The Advocate's Champions of Pride 2021 are the unsung heroes who are making inroads for LGBTQ+ people in their fields of work and in their communities every day despite the risks or challenges. More than 100 changemakers (two from each state, Washington D.C., and the U.S. Territories) have been named to the list.
With trans rights and safety under siege across the country, it’s imperative to amplify and elevate the breadth of LGBTQ+ identities. The Champions of Pride print and digital editions and virtual event is our way of honoring the diversity and dedication of so many in the LGBTQ+ community.
Join us in honoring our 2021 Champions of Pride from the Territories. Be sure to check back each day as we roll out the rest of the regions of Champions.
Before the global pandemic hit, Tuisina Ymania Brown was a licensed intellectual property attorney overseeing the legal, HR, and intellectual property departments for an IT group based in Sydney, Australia. But when they offered the proud Faafafine trans woman of color a buyout, she signed the offer and focused her efforts instead on becoming a fulltime human rights activist.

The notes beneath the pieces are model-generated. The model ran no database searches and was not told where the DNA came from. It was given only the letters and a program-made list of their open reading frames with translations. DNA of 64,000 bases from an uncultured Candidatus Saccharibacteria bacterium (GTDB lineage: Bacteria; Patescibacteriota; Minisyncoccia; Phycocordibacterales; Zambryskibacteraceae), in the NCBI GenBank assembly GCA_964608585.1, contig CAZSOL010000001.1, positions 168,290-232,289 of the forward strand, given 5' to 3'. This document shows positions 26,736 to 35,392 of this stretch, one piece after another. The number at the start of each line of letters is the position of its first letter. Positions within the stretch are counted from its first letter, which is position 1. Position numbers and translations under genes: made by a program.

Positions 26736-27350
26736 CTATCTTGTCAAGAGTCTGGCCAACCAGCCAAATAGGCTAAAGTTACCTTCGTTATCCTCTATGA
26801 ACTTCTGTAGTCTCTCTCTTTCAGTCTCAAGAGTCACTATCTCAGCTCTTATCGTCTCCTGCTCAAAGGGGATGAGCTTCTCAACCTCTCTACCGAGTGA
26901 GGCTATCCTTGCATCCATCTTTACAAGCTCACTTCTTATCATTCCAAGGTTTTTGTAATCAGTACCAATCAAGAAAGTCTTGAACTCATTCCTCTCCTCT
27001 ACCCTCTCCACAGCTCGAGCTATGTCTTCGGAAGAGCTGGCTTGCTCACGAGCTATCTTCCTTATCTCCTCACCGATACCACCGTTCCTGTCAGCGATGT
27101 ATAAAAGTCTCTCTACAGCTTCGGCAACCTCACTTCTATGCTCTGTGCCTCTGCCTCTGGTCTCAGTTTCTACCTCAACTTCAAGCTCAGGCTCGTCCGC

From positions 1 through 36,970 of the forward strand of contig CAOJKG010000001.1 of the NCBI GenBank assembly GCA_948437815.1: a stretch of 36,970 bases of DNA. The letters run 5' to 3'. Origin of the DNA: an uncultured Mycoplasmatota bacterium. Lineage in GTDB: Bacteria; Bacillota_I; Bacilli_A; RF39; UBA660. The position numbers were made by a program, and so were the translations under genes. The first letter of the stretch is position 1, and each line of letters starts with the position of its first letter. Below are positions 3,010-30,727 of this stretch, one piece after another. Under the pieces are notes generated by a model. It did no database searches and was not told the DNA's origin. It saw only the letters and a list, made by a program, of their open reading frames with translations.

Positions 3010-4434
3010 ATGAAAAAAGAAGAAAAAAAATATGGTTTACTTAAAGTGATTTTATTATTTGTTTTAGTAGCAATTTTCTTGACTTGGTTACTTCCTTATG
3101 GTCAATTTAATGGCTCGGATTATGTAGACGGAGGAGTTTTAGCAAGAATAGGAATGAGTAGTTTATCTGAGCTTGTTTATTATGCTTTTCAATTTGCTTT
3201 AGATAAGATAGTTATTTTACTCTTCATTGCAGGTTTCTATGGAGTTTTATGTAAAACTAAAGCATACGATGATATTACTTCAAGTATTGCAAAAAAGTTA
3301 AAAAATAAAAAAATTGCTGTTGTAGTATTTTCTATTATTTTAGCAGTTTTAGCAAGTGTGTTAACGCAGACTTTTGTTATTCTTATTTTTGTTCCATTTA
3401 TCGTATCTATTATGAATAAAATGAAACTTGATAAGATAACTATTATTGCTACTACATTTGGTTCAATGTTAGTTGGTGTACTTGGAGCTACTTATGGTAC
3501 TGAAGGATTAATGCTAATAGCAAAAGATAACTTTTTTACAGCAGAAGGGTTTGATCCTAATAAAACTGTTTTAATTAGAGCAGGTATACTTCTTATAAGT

“I came out from fighting from the shadows of fulltime corporate employment and raising my kids (now aged 22 and 15) to the glare of public scrutiny and personal attacks as a trans woman,” Brown says of that period.